On the whole, I am inclined to believe, that the islanders in the Pacific have no fixed and definite ideas whatever on the subject of religion. I am persuaded that Kolory himself would be effectually posed were he called upon to draw up the articles of his faith and pronounce the creed by which he hoped to be saved. In truth, the Typees, so far as their actions evince, submitted to no laws human or divine—always excepting the thrice mysterious Taboo. The 'independent electors' of the valley were not to be brow-beaten by chiefs, priests, idol or devils. As for the luckless idols, they received more hard knocks than supplications. I do not wonder that some of them looked so grim, and stood so bolt upright as if fearful of looking to the right or the left lest they should give any one offence. The fact is, they had to carry themselves 'PRETTY STRAIGHT,' or suffer the consequences. Their worshippers were such a precious set of fickle-minded and irreverent heathens, that there was no telling when they might topple one of them over, break it to pieces, and making a fire with it on the very altar itself, fall to roasting the offerings of bread-fruit, and at them in spite of its teeth.
In how little reverence these unfortunate deities were held by the natives was on one occasion most convincingly proved to me.—Walking with Kory-Kory through the deepest recesses of the groves, I perceived a curious looking image, about six feet in height which originally had been placed upright against a low pi-pi, surmounted by a ruinous bamboo temple, but having become fatigued and weak in the knees, was now carelessly leaning against it. The idol was partly concealed by the foliage of a tree which stood near, and whose leafy boughs drooped over the pile of stones, as if to protect the rude fane from the decay to which it was rapidly hastening. The image itself was nothing more than a grotesquely shaped log, carved in the likeness of a portly naked man with the arms clasped over the head, the jaws thrown wide apart, and its thick shapeless legs bowed into an arch. It was much decayed. The lower part was overgrown with a bright silky moss. Thin spears of grass sprouted from the distended mouth, and fringed the outline of the head and arms. His godship had literally attained a green old age. All its prominent points were bruised and battered, or entirely rotted away. The nose had taken its departure, and from the general appearance of the head it might have, been supposed that the wooden divinity, in despair at the neglect of its worshippers, had been trying to beat its own brains out against the surrounding trees.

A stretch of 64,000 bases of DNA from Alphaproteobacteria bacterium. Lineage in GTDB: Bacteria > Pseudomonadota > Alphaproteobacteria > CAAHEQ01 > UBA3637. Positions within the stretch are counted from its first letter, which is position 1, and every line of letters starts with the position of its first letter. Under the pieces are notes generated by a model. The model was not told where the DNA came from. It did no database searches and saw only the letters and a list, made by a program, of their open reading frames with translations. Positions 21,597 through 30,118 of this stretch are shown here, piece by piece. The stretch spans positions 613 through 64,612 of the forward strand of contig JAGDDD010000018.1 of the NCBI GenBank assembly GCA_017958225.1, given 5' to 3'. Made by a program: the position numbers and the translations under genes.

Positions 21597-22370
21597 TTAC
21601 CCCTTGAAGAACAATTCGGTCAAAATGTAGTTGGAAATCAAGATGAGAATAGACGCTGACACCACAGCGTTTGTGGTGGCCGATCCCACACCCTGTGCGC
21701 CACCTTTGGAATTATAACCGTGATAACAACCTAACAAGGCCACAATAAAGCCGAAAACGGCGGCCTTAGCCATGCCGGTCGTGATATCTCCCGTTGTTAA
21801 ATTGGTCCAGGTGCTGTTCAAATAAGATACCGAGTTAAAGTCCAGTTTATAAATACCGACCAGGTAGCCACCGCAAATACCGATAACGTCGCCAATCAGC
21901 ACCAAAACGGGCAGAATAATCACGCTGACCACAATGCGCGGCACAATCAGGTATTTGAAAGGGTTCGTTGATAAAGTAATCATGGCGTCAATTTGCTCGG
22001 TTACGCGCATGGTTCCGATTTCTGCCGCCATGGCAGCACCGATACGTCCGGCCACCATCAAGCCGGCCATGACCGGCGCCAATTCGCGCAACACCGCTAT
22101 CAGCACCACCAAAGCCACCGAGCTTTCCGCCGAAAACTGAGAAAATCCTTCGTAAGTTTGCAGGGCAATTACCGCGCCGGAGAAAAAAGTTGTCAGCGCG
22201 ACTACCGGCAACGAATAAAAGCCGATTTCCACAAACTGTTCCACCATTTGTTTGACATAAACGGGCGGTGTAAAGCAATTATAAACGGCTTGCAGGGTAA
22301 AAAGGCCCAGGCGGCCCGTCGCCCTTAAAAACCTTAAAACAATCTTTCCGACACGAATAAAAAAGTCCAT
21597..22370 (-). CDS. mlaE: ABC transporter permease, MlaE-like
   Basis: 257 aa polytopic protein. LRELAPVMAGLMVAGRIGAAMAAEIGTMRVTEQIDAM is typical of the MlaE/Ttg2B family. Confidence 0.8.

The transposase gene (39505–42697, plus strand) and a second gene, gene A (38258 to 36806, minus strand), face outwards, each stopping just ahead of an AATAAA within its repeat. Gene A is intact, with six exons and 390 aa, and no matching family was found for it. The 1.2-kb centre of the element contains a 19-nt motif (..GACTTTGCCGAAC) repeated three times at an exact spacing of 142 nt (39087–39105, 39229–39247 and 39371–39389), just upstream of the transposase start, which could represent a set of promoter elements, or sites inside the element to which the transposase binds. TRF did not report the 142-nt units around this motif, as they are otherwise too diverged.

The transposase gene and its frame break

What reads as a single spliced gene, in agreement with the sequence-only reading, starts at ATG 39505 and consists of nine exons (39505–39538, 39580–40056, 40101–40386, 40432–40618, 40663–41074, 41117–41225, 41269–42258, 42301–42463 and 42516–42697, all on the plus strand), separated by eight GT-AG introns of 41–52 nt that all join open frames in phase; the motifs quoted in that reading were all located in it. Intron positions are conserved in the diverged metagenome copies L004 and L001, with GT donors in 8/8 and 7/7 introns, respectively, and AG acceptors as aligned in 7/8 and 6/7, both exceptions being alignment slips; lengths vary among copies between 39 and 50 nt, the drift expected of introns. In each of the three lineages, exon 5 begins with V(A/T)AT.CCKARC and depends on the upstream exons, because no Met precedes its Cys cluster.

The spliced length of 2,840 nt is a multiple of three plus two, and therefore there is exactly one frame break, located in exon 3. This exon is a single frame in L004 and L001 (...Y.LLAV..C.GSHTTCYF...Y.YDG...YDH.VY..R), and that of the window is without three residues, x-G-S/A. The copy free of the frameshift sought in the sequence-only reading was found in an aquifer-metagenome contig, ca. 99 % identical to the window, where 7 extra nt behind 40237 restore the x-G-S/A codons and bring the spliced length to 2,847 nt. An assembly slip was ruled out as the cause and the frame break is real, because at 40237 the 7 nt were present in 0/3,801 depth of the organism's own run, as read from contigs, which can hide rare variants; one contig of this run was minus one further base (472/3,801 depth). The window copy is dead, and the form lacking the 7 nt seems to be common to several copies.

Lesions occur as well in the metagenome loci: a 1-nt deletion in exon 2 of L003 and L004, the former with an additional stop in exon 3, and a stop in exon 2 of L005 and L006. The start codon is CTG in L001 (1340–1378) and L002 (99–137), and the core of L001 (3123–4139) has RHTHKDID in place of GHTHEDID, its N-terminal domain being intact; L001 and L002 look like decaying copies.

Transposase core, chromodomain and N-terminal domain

I drew near to inspect more closely this strange object of idolatry, but halted reverently at the distance of two or three paces, out of regard to the religious prejudices of my valet. As soon, however, as Kory-Kory perceived that I was in one of my inquiring, scientific moods, to my astonishment, he sprang to the side of the idol, and pushing it away from the stones against which it rested, endeavoured to make it stand upon its legs. But the divinity had lost the use of them altogether; and while Kory-Kory was trying to prop it up, placing a stick between it and the pi-pi, the monster fell clumsily to the ground, and would have infallibly have broken its neck had not Kory-Kory providentially broken its fall by receiving its whole weight on his own half-crushed back. I never saw the honest fellow in such a rage before. He leaped furiously to his feet, and seizing the stick, began beating the poor image: every moment, or two pausing and talking to it in the most violent manner, as if upbraiding it for the accident. When his indignation had subsided a little he whirled the idol about most profanely, so as to give me an opportunity of examining it on all sides. I am quite sure I never should have presumed to have taken such liberties with the god myself, and I was not a little shocked at Kory-Kory's impiety.
This anecdote speaks for itself. When one of the inferior order of natives could show such contempt for a venerable and decrepit God of the Groves, what the state of religion must be among the people in general is easy to be imagined. In truth, I regard the Typees as a back-slidden generation. They are sunk in religious sloth, and require a spiritual revival. A long prosperity of bread-fruit and cocoanuts has rendered them remiss in the performance of their higher obligations. The wood-rot malady is spreading among the idols—the fruit upon their altars is becoming offensive—the temples themselves need rethatching—the tattooed clergy are altogether too light-hearted and lazy—and their flocks are going astray.